Muhly frames the texts throughout as things to wrestle with but perhaps not to solve. The third movement is sung straight through as if delivered with maximum clarity, but the string accompaniment questions this with sudden shifts like in the commotion after “free and equal.” Space, most evident in the sixth movement, provides time for reflection on the tenor’s words among pure music. The piece closes unexpectedly with a letter from a woman to her love stationed overseas during WWII. The text, simultaneously poetic and banal and crafted in turns with both emotive melody and routine recitation, would at first seem to be a tranquil and lovingly rendered happy ending. As the tenor sings “I love you and miss you so terribly tonight,” this trajectory seems certain. The strings, however, may have another lens, and again the listener must decide what has really been said. 

© Connor Buckley, 2021

 

Stranger

I. Here is the challenge: how do we as scholars give voice to the voiceless? How do we understand lived experience if we have nothing from the actors themselves? Is it possible to recover and interpret the past?

     Text: Gordon H. Chang and Shelley Fisher Fishkin    
“Fragments of the Past: Archaeology, History, and the Chinese Railroad Workers of North America”
     Historical Archaeology, Vol 49, No. 1 (2015), pp 1-3

 II. And then when you got inside of the building, Ellis Island, we were one in after another. And at the end of the line there was a doctor. And he examined your eyes. If your eyes was good, pass.

They ask you who you’re going to see, where you’re going. How much you have and who’s gonna take care of you. They asked my mother, ‘Who are you going to see?’ ‘My husband, of course.’

Everybody is nervous when you go through that doctor. Because it's the fear that you don't know what you have in your eyes. You know what I mean? What they could find. And it was fear. But after you pass, it's a great joy and a great relief in your mind and heart. 

The food was the same because we always cooked the same no matter if we were there or even now. Food is the same. We do our own cooking.  We know what we want.

      Text: Rose Breci; Transcript of an oral history conducted October 21, 1985 by Dr. Willa Appel:  The Statue of Liberty - Ellis Island Foundation Oral History Project

 III. In your Declaration of Independence it is asserted that all men are born free and equal; it is understood by the civilized world that the United States of America is a free country, but I fear there is a backward step being taken by the government.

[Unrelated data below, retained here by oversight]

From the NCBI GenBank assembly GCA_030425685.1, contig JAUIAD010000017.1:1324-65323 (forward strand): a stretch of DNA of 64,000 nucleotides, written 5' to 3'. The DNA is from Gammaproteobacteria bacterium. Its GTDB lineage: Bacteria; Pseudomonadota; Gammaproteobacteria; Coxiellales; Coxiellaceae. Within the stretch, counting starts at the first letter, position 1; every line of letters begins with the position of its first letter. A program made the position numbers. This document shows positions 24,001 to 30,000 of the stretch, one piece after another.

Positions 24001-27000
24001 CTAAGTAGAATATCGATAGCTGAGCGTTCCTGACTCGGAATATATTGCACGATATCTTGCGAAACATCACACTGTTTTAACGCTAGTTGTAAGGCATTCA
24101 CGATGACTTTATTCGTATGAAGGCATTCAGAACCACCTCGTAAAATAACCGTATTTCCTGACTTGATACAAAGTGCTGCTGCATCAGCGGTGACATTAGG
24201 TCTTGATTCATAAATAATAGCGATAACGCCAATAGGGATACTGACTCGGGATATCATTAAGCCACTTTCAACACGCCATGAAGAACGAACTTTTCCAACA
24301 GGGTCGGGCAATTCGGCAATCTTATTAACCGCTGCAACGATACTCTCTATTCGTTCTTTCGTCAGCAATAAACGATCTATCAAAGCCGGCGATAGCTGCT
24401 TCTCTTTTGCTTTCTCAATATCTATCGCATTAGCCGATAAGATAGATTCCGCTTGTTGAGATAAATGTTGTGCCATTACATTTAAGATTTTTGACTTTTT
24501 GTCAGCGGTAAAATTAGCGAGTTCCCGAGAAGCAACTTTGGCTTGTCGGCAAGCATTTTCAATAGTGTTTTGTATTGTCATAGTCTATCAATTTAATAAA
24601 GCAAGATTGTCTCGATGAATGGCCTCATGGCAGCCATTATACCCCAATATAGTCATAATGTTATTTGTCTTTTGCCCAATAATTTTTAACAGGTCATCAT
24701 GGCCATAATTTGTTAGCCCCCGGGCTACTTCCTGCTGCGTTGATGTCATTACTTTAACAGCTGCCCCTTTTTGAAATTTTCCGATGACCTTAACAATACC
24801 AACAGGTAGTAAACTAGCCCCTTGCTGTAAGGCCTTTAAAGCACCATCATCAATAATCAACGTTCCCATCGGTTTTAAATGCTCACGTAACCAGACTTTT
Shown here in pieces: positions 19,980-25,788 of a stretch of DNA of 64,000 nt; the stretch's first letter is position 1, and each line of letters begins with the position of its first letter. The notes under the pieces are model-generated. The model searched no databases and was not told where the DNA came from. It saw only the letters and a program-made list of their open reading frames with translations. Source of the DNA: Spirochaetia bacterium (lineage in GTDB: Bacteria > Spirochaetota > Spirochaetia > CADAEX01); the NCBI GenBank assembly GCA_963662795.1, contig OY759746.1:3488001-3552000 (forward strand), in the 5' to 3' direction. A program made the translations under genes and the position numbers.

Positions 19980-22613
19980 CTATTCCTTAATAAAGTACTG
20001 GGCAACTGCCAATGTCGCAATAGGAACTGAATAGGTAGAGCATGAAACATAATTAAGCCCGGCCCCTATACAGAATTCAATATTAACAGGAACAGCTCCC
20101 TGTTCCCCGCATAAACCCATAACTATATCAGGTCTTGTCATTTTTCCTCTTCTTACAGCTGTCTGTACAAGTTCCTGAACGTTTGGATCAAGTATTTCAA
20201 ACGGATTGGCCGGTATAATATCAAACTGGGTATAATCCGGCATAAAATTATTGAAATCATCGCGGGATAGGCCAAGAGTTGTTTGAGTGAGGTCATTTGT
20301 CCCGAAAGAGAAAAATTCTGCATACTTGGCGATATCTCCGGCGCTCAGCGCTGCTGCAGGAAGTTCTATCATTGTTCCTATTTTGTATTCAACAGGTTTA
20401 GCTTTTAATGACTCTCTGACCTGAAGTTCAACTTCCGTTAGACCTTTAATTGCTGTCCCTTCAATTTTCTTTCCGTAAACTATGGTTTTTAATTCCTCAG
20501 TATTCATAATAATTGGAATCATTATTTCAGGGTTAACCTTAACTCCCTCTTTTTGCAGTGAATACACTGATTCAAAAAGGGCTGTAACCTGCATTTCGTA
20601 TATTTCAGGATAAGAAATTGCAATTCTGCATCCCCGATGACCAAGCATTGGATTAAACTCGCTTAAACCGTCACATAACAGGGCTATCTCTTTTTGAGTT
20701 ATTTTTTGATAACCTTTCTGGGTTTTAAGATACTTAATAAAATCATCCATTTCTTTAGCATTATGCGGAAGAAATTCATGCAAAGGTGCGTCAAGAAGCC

The Honorable Senator calls us heathens, but I should judge from the tone of his letter that he was somewhat lacking in Christian charity. Let him look at the fire in Chicago or yellow fever in New Orleans, and he will find Chinamen giving as much, according to their means, as any other people. 

You go against the principles of George Washington, you go against the American flag, and you act in conflict with Christian charity and principle. I ask you, where is your golden rule, your Christian charity, and the fruits of your Bible teachings, when you talk about doing unto others as you would have them do to you?

     Text: Letter from Wong Ar Chong to William Lloyd Garrison, February 28, 1879

 IV. The stranger that dwelleth with you shall be unto you as one born among you, and thou shalt love him as thyself; for you were strangers in the land of Egypt.

      Text: Leviticus 19:34

 V. These threats and intimidations and riotous and bloody acts, committed under the light of nineteenth-century civilization, in this nation which claims to be a leading nation in intelligence, morality, and culture, shock our sense of national pride as well as our sense of justice, honor, and right.

The Scripture injunction in regard to the ‘stranger sojourning among us’ has been sanctioned and reasserted by all modern civilization, and it is abhorrent that such violations of the laws of hospitality and humanity should be repeated in one community after another on our Coast.

      Text: “To the president of the United States, and to the Senate and House of Representatives in Congress assembled” [Protest against ill-treatment of the Chinese. (s.l., 1885)]

 VI. Everyone cries and wails. Women with little babies, who’ve come to their husbands, are being detained. Who can stand this suffering? When a man wants to ask his wife something, or when a father wants to see his child, they don’t let him. Children get sick, they are taken to a hospital and it often happens that they never come back. We wear the same shirts for three or four weeks, because we don’t have our baggage with us.

      Text: Isaac Metzker; A Bintel Brief: Sixty Years of Letters from the Lower East Side to the Jewish Daily Forward (New York: Schocken Books, 1971)